Today, chain armor in the non-military sector is often used in live action role playing or re-enactment . The scene is large in some Western countries and produced numerous knotting techniques (such as dragonscale or Japanese and Persian patterns), including some especially for jewelry made from chain rings - such as necklaces, ties or bras.

Stainless steel chainmail is used by compressed air divers who work in waters where sharks are found. These chain suits - called "shark suit" in English - are worn over the diving suit.

Even with certain work, e.g. B. in the butcher's or butcher's trade, z. B. Chain gloves and aprons worn to protect against knife cuts. However, these are often produced in a fundamentally different process.

Academic fencing

The “chain mail” was revived in Mainz in the 1980s as protective equipment for the upper body in academic fencing with sharp weapons, the so-called mensur . Until then, the upper body was protected from blows that were too deep by protective equipment made of reinforced leather, the plastron . These plastrons were very thick and stiff. When the fencing arm moved to the other side of the body ("pushing forward"), the material jammed and hindered the movement. Since the new solution increases the fencer's freedom of movement, it quickly found widespread use in student fencing and is now common everywhere. A Kevlar vest is usually worn under the chain guard to protect against accidental stinging .


Rust is hardly a problem for chain armor if it is worn regularly and carefully stored. According to the experimental archaeologist Marcus Junkelmann , who gained a lot of experience with replicas of Roman chain armor, the rings rub against each other incessantly when the wearer moves and thus rub off the rust. With constant wear, oiling is not even necessary, even in wet weather and even when used in water. Only an intense black iron abrasion can be determined. If stored improperly, an unused tank can quickly rust together into a single lump, various examples have been obtained from archaeological finds.

See also


  • Claude Blair: European Armor circa 1066 to circa 1700 . Batsford Books, London 1972 (reprint of the London 1959 edition).
  • François Buttin: You costume militaire au Moyen Age et pendant la Renaissance . RABL, Barcelona 1971 (Memorias de la Real Academia de Buenas Letras de Barcelona; 12).
  • Liliane Funcken , Fred Funcken : Historical weapons and armor . Orbis-Verlag, Niedernhausen / T. 2001, ISBN 3-572-01308-9 (reprint of the Munich edition 1980) (contains some controversial ideas from the 19th and early 20th centuries).
  • Karl Gimbel: The Reconstruction of Gimbel's Weapons Collection . Mittler-Verlag, Berlin 1902.
  • Markus Gut: The historically documented braiding techniques of chain mail and their properties . In: Middle Ages. Journal of the Swiss Castle Association , ISSN  1420-6994 , Vol. 14 (2009), Issue 3, pp. 65–90.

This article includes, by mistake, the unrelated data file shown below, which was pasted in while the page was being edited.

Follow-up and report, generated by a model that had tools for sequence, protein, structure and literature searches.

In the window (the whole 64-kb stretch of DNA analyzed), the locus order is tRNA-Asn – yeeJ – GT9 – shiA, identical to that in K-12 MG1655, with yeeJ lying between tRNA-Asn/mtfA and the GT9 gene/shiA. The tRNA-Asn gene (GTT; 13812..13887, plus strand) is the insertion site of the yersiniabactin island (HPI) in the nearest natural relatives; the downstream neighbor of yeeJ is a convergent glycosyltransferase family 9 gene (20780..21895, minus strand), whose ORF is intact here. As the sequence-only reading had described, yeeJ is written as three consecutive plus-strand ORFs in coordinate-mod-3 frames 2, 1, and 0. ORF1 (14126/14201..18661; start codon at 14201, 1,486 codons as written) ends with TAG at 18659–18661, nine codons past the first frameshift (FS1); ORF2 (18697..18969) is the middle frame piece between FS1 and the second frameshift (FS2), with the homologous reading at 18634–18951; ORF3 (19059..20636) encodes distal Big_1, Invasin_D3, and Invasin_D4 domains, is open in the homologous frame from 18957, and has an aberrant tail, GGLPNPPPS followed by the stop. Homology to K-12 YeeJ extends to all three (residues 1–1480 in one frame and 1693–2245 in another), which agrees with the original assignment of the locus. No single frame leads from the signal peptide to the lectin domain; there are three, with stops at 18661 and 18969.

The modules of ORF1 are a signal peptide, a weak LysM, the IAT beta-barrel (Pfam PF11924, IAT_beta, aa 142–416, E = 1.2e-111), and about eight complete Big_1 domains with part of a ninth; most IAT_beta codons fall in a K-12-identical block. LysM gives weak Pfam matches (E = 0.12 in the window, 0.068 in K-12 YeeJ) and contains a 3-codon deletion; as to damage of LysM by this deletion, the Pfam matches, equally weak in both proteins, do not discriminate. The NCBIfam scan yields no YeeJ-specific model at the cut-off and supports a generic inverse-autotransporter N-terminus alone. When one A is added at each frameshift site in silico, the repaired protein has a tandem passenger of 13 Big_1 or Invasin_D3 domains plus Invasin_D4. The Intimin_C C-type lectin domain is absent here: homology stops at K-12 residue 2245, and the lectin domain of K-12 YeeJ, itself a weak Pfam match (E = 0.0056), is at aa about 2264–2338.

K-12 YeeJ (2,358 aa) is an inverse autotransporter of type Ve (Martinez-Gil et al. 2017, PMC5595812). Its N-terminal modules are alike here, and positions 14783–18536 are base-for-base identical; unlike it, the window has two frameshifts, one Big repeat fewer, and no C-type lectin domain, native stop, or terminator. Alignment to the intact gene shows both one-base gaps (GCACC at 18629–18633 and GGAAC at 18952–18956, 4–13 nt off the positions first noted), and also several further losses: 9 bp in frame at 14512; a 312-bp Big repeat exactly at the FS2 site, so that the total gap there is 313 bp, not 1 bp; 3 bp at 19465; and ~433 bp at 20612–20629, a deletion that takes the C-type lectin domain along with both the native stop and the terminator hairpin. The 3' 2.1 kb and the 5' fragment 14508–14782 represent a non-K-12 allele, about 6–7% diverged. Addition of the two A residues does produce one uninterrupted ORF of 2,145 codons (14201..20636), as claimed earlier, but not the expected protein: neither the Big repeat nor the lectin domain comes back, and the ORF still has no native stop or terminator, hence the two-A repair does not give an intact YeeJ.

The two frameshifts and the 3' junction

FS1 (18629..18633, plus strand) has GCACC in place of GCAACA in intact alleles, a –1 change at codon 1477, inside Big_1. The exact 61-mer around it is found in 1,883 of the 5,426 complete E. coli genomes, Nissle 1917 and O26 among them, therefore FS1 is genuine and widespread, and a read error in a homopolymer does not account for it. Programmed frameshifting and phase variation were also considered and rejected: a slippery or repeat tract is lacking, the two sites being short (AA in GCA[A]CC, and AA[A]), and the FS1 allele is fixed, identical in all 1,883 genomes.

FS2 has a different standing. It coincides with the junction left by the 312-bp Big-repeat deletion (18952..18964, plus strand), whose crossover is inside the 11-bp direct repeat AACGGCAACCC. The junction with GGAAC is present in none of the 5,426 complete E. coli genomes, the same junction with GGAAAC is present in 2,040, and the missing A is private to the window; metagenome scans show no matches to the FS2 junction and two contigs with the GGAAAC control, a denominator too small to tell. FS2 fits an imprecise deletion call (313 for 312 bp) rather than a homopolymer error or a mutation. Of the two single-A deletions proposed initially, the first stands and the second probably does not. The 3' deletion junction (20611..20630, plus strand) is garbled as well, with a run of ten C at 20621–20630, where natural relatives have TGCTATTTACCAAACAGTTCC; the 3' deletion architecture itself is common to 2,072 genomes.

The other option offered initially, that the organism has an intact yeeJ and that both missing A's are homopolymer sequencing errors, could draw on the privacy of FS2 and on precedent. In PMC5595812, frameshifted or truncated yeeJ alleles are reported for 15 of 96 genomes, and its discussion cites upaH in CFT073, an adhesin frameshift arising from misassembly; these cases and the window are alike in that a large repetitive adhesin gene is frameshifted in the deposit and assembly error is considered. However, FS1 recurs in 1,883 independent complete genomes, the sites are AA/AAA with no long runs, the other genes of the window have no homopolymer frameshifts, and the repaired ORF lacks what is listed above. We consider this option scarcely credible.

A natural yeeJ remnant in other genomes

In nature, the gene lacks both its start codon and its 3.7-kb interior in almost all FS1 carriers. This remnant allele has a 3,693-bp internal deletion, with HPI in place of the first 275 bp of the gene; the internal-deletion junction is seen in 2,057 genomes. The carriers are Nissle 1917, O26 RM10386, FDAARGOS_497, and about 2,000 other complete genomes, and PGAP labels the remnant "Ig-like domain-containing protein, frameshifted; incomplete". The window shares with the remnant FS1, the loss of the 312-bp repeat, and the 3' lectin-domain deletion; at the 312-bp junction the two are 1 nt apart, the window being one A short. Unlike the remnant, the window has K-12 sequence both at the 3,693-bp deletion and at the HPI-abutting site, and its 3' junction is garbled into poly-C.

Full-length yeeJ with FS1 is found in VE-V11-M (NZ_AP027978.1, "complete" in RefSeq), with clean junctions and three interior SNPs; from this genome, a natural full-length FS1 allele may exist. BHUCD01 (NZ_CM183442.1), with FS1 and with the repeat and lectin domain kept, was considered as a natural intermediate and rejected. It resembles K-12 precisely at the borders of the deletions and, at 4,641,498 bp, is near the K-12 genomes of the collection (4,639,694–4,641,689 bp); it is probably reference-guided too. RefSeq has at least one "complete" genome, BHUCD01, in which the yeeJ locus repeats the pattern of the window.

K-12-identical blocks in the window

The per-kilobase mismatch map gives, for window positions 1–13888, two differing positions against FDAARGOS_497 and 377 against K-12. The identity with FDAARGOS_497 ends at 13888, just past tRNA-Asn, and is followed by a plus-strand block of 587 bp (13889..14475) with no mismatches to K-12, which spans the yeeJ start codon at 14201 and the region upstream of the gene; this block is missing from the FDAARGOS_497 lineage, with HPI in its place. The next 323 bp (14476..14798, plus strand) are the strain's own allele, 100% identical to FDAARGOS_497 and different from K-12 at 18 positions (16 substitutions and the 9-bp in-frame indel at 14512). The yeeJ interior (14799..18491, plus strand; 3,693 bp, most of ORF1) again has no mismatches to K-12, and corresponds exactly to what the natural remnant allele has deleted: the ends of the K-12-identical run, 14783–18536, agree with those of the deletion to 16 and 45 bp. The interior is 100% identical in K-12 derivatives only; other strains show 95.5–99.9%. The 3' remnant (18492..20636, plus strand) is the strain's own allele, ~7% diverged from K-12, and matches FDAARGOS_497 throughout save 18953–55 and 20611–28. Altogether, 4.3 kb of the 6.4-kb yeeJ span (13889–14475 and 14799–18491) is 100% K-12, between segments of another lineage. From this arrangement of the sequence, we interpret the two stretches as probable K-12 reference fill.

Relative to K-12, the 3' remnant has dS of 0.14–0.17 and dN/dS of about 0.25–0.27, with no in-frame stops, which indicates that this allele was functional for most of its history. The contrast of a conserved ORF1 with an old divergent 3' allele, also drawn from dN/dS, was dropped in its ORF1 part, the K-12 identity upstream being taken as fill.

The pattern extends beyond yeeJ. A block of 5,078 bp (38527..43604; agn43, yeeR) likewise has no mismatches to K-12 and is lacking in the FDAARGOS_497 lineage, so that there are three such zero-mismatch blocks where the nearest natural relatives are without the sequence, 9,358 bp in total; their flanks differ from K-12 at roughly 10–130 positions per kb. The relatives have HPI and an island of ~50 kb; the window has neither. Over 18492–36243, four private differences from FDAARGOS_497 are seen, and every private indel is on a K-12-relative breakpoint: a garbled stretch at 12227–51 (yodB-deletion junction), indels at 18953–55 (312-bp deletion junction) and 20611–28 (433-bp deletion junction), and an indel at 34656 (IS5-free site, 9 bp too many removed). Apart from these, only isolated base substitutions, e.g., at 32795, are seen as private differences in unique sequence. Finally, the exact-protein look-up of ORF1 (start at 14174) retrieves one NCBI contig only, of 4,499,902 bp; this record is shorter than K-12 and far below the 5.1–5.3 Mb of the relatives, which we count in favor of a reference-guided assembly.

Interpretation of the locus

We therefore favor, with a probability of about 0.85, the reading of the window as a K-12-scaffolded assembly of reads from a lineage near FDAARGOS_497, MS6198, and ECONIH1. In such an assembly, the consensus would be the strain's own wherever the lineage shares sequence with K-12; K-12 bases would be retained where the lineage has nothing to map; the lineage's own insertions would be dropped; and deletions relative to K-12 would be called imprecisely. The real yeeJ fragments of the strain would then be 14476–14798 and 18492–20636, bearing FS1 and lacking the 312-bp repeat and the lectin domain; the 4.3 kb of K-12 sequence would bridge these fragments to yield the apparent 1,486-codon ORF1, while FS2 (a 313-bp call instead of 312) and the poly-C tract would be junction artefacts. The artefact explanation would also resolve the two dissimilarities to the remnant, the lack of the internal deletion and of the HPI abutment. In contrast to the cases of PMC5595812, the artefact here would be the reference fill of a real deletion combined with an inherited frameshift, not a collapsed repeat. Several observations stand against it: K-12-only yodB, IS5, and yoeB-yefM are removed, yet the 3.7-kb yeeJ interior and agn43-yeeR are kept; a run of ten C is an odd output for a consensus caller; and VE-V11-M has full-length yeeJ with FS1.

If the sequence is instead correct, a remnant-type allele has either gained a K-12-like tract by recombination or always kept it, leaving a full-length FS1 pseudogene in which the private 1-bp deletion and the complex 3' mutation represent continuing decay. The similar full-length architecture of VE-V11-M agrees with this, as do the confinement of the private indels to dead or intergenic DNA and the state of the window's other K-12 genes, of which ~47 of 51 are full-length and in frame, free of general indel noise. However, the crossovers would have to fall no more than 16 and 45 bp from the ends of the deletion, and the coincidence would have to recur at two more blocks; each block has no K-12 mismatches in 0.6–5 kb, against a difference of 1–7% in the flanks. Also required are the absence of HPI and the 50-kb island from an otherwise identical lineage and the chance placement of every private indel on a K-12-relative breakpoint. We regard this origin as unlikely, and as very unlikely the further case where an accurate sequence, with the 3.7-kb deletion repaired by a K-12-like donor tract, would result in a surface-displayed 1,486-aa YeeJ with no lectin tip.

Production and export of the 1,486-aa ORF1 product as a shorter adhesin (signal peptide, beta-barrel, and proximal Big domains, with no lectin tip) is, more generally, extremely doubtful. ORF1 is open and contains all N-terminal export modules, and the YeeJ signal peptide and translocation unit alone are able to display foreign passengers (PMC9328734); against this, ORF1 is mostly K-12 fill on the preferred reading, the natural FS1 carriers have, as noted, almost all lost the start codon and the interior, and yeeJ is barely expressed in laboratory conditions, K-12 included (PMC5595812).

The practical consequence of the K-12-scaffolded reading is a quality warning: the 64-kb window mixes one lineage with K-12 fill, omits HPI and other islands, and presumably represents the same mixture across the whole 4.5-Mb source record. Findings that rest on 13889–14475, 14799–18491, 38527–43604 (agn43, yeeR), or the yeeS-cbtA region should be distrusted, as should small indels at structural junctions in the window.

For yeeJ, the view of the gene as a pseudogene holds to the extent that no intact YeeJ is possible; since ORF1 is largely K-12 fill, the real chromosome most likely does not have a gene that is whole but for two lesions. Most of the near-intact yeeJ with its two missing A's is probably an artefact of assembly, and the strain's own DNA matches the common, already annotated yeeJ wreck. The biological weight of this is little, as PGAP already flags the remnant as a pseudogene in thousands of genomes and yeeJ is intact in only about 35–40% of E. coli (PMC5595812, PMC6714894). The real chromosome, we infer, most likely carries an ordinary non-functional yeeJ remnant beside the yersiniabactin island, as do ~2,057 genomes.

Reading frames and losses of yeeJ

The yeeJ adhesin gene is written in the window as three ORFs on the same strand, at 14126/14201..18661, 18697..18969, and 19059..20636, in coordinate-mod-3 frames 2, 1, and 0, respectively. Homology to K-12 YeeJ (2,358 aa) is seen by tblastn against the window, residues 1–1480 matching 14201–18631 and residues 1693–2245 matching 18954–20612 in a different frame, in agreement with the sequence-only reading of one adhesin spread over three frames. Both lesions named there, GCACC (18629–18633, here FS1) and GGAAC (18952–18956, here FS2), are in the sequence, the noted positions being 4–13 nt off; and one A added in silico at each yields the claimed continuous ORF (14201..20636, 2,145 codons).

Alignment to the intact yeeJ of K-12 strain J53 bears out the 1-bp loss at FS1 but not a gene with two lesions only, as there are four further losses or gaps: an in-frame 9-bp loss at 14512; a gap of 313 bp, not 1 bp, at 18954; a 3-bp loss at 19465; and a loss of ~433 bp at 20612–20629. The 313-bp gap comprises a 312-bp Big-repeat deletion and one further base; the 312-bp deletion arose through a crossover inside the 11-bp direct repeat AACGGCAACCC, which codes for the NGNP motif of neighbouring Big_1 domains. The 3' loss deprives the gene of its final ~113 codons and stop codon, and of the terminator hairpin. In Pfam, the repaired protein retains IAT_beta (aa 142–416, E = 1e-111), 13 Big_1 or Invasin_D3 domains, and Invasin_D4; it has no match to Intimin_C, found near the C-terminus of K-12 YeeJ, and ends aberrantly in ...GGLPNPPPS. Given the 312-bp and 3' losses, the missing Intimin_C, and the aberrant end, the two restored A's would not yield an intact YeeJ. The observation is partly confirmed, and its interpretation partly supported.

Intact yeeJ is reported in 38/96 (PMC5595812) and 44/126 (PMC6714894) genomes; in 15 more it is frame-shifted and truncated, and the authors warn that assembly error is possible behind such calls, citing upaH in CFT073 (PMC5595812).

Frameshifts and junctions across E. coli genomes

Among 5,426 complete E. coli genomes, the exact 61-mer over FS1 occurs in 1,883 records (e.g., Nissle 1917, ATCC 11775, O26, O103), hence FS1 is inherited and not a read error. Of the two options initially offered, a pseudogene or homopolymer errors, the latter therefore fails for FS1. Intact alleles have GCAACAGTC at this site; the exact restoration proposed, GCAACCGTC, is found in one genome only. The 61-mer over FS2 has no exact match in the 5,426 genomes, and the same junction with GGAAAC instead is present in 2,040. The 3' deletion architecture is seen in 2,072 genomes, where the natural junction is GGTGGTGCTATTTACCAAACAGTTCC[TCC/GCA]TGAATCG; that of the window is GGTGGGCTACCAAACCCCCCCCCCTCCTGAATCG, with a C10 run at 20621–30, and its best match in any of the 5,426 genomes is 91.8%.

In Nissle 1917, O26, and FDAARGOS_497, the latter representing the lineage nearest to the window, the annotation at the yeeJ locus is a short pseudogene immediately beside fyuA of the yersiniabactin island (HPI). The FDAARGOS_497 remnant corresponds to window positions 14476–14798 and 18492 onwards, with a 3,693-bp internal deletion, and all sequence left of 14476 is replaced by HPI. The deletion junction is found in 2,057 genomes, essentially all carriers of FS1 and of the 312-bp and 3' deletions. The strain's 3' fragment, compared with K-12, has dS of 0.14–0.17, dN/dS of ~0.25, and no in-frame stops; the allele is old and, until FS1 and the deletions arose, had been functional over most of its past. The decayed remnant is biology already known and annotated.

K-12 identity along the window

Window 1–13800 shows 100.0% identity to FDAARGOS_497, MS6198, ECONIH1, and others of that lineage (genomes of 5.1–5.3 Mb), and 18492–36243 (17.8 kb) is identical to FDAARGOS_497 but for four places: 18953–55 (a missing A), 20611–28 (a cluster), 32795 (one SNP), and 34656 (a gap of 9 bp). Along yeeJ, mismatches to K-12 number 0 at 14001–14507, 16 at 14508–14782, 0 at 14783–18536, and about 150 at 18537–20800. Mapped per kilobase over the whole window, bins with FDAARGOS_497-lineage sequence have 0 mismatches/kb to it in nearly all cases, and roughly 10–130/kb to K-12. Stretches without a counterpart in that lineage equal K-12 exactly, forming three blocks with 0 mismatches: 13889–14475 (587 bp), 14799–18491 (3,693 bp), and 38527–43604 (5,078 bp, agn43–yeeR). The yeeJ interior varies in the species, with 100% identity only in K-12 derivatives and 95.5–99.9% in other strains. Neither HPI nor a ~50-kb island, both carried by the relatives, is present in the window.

• John Hewitt: Ancient armor and weapons in Europe. From the iron period of the northern nations to the end of the 13th century . ADEVA, Graz 1967 (3 vols., Reprint of the Oxford edition 1855/60).
  • FM Kelly: Roman-Romanesque ring armor. Their representation in contemporary art . In: Journal for historical weapons and costume studies , 13 (new series, 4), Berlin 1923/34.
  • Paul Martin: Arms and Armor. From Charlemagne to Ludwig XIV. Umschau-Verlag, Frankfurt / M. 1967.
  • Samuel R. Meyrick: A critical inquiry into ancient armor. As it existed in Europe, but particularly in England; from the Norman conquest to the reign of King Charles II. Downing Press, London 1925 (reprint of the London 1824 edition).
  • Klavs Randsborg: Warfare and Sacrifice in Early Europe ("Hjortspring"). University Press, Aarhus 1995, ISBN 87-7288-545-9 .
  • Niels M. Saxtorph: War costumes in colors. From the beginning of history to the 17th century ("Krigsfolk gennem tiden"). Universitas-Verlag, Berlin 1971.
  • Bengt Thordeman: Armor of the battle of Wisby 1361 . Chivalry Bookshelf, Woodsbridge 2001, ISBN 1-891448-05-6 (2 vol., Reprint of the Uppsala edition 1939/40).
  • Eugène Viollet-le-Duc (Gre.), George Bernage (Ed.): Encyclopédie mediévale . Édition Inter Livres, Paris 1988, ISBN 2-905388-62-5 (2 vols., Reprint of the Bayeux edition, 1879).
  • Alan Williams: The knight and the blast furnace. A history of the metallurgy of armor in the Middle Ages & the early modern period . Brill, Leiden 2002, ISBN 90-04-12498-5 .

Web links

Commons : chain armor  - collection of images, videos and audio files
Wiktionary: chain mail  - explanations of meanings, word origins, synonyms, translations

Individual evidence

  1. Wendelin Boeheim, Handbook of Arms, Nachdr. D. Ed. Leipzig 1890, Fourier Verlag, Wiesbaden 1985, ISBN 978-3-201-00257-8 , pages 24, 25, 31, 33, 34, 41, 42, 49, 67, 129, 131, 132, 134, 135 , 137, 138, 139, 140, 141, 164, 177, 215.
  2. Mahand Vogt: Spangenhelme. Baldenheim and related types (= catalogs of prehistoric antiquities. Vol. 39). Römisch-Germanisches Zentralmuseum et al., Mainz et al. 2006, ISBN 3-88467-100-6
  3. ^ A Visit to the Armor Galleries. Retrieved May 6, 2016 .
  4. The TRUTH about chainmail. March 11, 2015, accessed May 6, 2016 .